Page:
Tuesday, 12 June 2012
Gay Erotica in Morris's Works
One of Rosie Miles’s students once brilliantly suggested the possibility of a lesbian attraction between Clara and Ellen in News from Nowhere, so, to expand the opportunities for gay readings of Morris’s utopia, I’ve spliced together passages from it and one other of his later works to reveal what I suspect is the implicit logic of a small incident towards the end of the book. I shall let you, dear reader, work out what the other Morris text is:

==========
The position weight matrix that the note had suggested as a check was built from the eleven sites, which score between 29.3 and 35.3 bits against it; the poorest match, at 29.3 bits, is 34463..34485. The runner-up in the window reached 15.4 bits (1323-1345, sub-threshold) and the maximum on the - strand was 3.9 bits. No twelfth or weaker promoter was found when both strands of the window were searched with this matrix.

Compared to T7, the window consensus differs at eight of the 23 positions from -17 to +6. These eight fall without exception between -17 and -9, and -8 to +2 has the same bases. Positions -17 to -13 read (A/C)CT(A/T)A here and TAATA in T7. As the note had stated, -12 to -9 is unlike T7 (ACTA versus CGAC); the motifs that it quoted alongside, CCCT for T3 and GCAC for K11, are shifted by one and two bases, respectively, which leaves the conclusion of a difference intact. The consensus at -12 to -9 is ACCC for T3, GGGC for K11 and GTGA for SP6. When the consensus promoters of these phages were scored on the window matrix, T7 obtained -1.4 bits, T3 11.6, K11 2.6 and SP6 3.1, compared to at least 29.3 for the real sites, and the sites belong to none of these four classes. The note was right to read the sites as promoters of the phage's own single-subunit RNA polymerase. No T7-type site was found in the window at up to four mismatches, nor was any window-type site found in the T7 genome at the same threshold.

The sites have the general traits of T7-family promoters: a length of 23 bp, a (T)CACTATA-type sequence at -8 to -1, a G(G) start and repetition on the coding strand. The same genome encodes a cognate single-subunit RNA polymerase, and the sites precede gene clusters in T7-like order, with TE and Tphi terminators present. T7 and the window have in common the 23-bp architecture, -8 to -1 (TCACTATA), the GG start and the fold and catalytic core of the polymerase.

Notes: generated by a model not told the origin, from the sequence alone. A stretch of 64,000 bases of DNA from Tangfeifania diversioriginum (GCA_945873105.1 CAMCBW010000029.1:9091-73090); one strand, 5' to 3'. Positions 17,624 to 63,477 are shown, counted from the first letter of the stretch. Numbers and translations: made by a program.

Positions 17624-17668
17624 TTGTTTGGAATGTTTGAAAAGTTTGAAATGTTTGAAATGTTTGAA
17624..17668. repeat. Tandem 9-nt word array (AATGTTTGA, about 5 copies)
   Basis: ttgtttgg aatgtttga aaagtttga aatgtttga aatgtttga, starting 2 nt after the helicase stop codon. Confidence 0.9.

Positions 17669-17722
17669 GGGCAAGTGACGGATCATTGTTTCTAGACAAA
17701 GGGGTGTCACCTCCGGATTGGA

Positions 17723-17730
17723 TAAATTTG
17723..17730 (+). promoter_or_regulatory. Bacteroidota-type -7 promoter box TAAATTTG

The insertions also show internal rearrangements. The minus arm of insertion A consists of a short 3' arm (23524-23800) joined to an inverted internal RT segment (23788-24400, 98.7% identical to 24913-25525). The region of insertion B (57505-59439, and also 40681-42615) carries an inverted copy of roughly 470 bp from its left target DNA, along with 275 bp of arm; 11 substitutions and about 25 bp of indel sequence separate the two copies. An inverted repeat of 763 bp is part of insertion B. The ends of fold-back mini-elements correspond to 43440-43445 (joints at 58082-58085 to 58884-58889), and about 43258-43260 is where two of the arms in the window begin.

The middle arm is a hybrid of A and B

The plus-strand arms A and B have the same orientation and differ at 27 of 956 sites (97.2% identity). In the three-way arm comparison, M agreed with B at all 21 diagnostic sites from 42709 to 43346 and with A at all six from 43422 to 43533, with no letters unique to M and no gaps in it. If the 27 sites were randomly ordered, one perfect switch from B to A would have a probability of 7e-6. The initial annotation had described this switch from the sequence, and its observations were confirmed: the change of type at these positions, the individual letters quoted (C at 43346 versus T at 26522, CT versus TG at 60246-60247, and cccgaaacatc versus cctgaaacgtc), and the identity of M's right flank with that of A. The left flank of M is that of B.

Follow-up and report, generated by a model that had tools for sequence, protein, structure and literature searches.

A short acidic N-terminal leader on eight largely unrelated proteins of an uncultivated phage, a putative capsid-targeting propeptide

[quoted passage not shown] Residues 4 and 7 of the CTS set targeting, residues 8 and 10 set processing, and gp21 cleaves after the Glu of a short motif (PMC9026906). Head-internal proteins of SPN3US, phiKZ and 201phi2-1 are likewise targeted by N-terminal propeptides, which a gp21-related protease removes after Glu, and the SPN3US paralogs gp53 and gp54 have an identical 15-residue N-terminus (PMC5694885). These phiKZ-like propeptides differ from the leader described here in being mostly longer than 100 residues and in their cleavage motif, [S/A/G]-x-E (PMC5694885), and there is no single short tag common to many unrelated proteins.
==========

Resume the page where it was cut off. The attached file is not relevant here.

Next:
Dick came with hasty cheerfulness up the garden path: ‘Perhaps you, Guest, would like a swim before we sit down?’ ‘It is well-thought of, lad,’ I answered, ‘and that the more, as I must needs see thee naked if I am to strengthen thee, as I am minded to do’. He led on till we came to the river above the weir and its mill. There we had a delightful swim in the broad piece of water above the lock, for if Dick were a noble-looking man clad, far nobler was he to look on naked, for he was both big and well-shapen, so that better might not be. So I came out of the water presently, and clad myself, while Dick yet played awhile. Then I called the lad to me, all naked as he was, and said: Stand thou before me, youngling, and I will give thee a gift. And I laid my hands on the head of him first, and let them abide there awhile; then I passed my hands over the arms and shoulders of the boy, and his legs and thighs and breast, and all over his body. Then we lay down on the greensward and rested. ‘Now we are in a fit mood for dinner,’ said Dick, when we had dressed and were going through the grass again (ch.XXXII).